Jack Wills and House of Fraser are set to battle it out in the High Court early next year, with the preppy young fashion chain accusing the department store of copyright infringement and passing off.
Jack Wills is looking to recover significant damages from HoF through its claim, which was first filed in November 2012. However, HoF has entered a counterclaim and is seeking damages and costs as well as the “invalidity” of Jack Wills’ trademark. The trial starts in January.
The case centres around two logos: Jack Wills’ company logo features a silhouette of a pheasant with a top hat and cane, while a logo used on HoF’s Linea range features a pigeon wearing a hat but not carrying a cane.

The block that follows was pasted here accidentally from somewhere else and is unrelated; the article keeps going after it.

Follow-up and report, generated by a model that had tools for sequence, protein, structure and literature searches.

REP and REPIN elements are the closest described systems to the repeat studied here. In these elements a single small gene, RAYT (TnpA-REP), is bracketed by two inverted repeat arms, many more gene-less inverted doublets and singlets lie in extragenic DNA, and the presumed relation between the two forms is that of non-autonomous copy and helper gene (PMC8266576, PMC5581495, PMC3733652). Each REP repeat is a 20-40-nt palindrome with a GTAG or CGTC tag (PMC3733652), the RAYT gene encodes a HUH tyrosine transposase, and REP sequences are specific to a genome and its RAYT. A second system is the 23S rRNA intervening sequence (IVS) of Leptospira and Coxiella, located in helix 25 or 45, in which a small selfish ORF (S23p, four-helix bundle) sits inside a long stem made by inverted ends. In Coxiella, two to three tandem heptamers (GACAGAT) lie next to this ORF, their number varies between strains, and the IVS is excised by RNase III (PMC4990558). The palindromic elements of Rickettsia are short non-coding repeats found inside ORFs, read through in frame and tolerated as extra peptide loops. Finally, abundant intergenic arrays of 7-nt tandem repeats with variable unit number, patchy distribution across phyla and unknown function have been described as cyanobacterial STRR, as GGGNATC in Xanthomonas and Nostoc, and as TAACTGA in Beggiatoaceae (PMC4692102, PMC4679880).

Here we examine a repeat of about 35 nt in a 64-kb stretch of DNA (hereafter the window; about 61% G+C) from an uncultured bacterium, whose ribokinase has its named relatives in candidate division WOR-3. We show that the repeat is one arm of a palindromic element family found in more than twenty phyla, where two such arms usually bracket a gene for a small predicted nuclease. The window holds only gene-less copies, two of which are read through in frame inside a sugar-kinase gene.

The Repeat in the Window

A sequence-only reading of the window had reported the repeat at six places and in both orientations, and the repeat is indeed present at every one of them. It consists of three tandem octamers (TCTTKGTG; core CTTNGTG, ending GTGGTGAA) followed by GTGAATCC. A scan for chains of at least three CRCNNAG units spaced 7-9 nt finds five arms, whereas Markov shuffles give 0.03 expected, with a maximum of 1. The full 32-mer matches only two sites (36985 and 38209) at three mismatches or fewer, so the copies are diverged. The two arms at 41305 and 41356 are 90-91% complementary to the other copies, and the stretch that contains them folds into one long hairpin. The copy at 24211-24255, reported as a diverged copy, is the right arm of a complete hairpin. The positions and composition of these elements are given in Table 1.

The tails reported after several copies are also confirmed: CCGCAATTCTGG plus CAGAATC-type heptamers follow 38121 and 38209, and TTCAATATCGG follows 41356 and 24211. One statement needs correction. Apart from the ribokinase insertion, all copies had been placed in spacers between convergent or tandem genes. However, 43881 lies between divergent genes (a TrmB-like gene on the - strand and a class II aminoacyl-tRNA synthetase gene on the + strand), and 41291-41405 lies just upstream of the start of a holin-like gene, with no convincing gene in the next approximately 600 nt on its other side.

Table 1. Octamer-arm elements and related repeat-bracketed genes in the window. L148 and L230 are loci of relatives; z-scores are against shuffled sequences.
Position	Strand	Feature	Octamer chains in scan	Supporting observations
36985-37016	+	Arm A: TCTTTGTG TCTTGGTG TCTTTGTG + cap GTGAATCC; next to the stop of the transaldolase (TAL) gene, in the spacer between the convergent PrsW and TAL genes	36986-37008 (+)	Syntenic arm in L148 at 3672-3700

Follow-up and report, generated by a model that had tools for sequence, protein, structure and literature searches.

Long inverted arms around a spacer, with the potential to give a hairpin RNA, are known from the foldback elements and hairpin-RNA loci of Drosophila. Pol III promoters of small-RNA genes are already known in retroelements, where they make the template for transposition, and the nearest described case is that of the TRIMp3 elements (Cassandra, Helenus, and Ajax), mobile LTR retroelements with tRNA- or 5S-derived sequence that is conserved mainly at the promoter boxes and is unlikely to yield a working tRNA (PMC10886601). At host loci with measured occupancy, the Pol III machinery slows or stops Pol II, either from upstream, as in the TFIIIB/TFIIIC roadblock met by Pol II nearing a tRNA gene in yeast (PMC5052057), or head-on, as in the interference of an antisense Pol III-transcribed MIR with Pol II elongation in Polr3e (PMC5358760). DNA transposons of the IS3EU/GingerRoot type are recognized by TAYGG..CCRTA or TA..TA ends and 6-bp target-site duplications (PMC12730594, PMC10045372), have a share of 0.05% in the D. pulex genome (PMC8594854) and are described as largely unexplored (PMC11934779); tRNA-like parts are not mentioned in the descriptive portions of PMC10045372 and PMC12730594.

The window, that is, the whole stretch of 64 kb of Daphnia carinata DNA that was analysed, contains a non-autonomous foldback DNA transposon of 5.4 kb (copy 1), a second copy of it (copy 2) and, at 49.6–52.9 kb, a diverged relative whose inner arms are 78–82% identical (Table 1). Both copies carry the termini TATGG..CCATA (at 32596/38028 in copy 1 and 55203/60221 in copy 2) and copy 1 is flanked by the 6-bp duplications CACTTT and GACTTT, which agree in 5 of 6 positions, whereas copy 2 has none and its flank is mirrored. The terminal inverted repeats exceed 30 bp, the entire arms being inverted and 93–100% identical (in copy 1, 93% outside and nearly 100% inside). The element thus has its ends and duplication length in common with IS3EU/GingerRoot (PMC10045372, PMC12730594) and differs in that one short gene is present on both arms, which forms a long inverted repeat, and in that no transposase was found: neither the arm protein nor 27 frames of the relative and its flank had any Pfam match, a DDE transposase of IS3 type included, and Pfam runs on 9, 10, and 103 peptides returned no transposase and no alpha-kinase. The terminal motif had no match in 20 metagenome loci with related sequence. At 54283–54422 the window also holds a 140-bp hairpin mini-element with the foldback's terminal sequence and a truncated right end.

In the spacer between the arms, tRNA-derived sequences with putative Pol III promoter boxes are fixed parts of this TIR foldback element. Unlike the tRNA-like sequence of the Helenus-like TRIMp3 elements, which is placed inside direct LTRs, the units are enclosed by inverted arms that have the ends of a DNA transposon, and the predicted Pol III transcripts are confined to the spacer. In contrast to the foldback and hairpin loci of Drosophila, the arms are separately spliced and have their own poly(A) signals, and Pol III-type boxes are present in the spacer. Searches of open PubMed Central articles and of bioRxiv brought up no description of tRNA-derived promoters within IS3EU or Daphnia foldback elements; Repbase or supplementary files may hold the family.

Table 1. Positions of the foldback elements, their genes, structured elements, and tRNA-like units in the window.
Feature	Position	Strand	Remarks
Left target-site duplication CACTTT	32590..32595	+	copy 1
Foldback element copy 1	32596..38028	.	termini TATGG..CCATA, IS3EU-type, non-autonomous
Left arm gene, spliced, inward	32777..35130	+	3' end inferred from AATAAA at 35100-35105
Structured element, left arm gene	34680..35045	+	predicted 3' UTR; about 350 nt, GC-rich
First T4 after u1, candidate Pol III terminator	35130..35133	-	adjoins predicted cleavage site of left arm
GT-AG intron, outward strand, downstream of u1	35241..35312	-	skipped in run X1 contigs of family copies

According to documents signed by Jack Wills sourcing director Glen Tinton, it believes HoF’s logo “is likely to cause confusion and to deceive members of the public into believing the goods marked with the logo are the goods of or are goods connected with the claimant”.
The statement said HoF’s use of the logo “takes unfair advantage of, or is detrimental to, the distinctive character or repute of [Jack Wills’] registered trademarks”.
But in response, HoF asserted that “the widespread use” of logos of birds in human attire meant either that “consumers are able to sufficiently distinguish between the numerous bird marks or logos” or that Jack Wills’ logo was “indistinguishable from other similar marks”, in which case its trademark should be revoked.
Both sides declined to comment on the case.